Apologies if this question is off-topic. I've checked the FAQs for topics that are acceptable and 'word choice and usage' appears in the list.

I'm working on a website redesign and would like to display a section for each of our branches. When the branches are open, a simple note displays saying "We are open" followed by "Call us on ...".

I have also added a note when the branches are closed; "We are currently closed".

Screenshot of website design

A few people on my team believe that this could be misinterpreted to mean that the branch is closed permanently. Although I don't agree, I do agree that there is likely a better phrase available.

I wondered if anyone had any thoughts on this. Is this one of those occasions when we over think things? Would you take "We are currently closed" to mean that the branch has closed down?

closed as off topic by Kristina Lopez, MetaEd, tchrist, choster, Hellion Jun 24 '13 at 20:03

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    I would understand We are currently closed to be temporary, not permanent. But if you want something else, you use Out of hours on one of the banners - can you not use something similar? Or, even better, tell them when you re-open or tell them the hours in full. It's a lot more helpful to say (effectively) You can't contact us now, but you can at ..., rather than effectively just saying We're closed - tough! - try some other time (but we won't tell you when) – TrevorD Jun 22 '13 at 23:14
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    Since "We are currently closed" could possibly be misinterpreted as closed for remodeling, etc., I would simply display the branch hours, the phone number and a link to an email service. – Kristina Lopez Jun 22 '13 at 23:33
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    What you'll often hear when you call up a closed business in the US is "Normal business hours are ...", which may or may not be preceded by "Our offices are currently closed". This is more informative for the customer so they know when to call back. – jlovegren Jun 23 '13 at 2:47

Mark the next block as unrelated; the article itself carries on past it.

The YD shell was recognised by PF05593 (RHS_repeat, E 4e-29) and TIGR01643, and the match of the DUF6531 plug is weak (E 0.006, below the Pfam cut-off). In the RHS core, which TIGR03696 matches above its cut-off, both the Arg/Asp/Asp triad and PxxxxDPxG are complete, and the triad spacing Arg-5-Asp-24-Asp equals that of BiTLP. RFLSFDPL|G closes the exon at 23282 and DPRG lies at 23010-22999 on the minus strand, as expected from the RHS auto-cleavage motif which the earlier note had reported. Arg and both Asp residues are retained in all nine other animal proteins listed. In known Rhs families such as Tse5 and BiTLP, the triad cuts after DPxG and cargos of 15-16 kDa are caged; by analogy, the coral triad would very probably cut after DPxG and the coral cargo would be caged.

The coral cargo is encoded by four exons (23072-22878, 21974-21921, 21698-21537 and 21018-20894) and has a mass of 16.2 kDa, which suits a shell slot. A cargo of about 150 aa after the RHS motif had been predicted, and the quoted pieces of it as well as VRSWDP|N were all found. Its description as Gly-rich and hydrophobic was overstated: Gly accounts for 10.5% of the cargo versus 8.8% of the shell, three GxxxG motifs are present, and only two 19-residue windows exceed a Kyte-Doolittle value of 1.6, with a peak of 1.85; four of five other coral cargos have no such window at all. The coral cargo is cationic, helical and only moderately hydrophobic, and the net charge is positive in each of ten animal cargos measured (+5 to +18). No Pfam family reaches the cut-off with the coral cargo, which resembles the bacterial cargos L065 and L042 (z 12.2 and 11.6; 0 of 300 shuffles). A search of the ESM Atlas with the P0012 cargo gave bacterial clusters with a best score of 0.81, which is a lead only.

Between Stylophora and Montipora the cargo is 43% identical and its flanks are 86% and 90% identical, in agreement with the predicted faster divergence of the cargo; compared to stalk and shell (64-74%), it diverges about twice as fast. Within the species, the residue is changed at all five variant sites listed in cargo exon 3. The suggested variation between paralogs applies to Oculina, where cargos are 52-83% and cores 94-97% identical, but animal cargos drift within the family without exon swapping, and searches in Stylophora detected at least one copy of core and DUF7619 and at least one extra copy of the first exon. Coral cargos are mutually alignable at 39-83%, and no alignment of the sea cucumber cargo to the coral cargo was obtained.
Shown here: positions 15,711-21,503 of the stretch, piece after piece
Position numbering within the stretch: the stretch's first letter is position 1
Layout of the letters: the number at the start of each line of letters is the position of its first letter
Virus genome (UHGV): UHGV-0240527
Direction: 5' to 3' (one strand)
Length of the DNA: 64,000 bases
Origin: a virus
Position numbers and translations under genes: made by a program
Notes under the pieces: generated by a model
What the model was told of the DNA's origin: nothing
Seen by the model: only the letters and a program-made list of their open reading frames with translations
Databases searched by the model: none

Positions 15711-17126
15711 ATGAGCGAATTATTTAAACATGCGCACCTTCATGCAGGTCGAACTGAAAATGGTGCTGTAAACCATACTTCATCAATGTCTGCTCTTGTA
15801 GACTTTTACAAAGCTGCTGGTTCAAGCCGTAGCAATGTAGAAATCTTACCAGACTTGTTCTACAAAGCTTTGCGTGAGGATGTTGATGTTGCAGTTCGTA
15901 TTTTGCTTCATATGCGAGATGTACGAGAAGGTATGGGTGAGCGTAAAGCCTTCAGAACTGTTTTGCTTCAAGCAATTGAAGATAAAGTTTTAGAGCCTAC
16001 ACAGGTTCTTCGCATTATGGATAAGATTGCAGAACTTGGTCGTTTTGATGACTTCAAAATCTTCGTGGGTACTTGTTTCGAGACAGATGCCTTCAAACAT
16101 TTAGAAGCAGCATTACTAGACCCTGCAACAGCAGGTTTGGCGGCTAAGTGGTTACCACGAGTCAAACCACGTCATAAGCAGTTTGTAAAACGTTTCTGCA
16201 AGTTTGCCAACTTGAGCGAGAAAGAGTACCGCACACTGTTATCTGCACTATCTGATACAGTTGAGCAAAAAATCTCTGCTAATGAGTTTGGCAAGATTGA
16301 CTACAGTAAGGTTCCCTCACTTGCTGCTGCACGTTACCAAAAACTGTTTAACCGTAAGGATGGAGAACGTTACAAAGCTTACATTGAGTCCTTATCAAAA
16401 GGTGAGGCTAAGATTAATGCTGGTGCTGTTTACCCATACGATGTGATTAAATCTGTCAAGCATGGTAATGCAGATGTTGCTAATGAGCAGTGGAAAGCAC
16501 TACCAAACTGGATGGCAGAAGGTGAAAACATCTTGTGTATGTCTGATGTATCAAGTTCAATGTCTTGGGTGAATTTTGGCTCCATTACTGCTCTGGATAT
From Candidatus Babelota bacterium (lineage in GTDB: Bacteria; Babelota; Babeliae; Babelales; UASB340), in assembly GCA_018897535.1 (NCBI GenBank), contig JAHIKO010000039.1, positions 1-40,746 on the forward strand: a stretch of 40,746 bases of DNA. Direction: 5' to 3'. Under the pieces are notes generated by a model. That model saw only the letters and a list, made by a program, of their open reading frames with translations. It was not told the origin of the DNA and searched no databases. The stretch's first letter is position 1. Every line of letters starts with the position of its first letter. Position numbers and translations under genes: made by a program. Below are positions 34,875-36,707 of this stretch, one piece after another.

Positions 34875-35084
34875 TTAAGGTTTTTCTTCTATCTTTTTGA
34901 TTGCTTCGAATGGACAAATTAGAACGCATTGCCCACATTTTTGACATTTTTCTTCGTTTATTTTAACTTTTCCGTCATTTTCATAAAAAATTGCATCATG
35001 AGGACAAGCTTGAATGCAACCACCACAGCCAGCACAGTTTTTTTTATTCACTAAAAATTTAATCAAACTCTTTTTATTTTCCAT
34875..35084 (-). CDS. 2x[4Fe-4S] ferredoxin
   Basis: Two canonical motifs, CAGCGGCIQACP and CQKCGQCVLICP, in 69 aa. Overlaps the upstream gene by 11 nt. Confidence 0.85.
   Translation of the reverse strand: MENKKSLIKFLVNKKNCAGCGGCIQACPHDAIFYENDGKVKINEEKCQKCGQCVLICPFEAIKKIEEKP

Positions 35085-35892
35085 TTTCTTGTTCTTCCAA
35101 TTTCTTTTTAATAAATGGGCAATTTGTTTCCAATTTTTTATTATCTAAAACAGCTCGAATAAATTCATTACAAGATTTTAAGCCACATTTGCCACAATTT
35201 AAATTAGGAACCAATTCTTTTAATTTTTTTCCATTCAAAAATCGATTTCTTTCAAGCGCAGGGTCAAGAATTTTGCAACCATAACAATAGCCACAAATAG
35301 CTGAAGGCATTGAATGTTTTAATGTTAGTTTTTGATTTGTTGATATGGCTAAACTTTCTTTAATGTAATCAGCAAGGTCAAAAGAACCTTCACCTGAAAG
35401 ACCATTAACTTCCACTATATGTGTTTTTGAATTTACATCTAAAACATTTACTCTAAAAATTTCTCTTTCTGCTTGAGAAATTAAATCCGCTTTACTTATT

While “We are currently closed” certainly is open to the interpretation that the branch may reopen at some future time, it doesn't provide any certainty about if that will happen, or if so, when.

A simple “Closed” sign is sometimes used in the U.S. to indicate a concern is closed for the day, but that too is open to multiple interpretations. Perhaps for that reason, many “Closed” signs have an additional phrase on them, for example “We reopen at «time»” or “Please call again at «time»”, or “Our hours are ...”; or they have a little clock face with movable hands, to suggest when they will reopen. You might also consider “We are closed for the day” as an after-hours sign, and “Opening at «time»” for a before-hours sign.

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    +1. I agree. I would simply add, however, that if you use the "we re-open at [say, 10:00 AM]" phrase, just make sure someone is there at 10:00 AM. It's almost always better to under-promise and over-deliver (and not vice versa). – rhetorician Jun 22 '13 at 23:40

Perhaps changing the adjective to shut as in

We're shut, please come back at : (time)

or unavailable

We're unavailable, please come back at : (time)

Both expressions would avoid the ambiguity that "we are currently closed" might cause.

P.S The "Always available" tag could be changed to 24/7 (short and sweet!)

  • Thanks, I did consider 24/7 and felt that our client base may feel this is too American. – dannymcc Jun 23 '13 at 11:49

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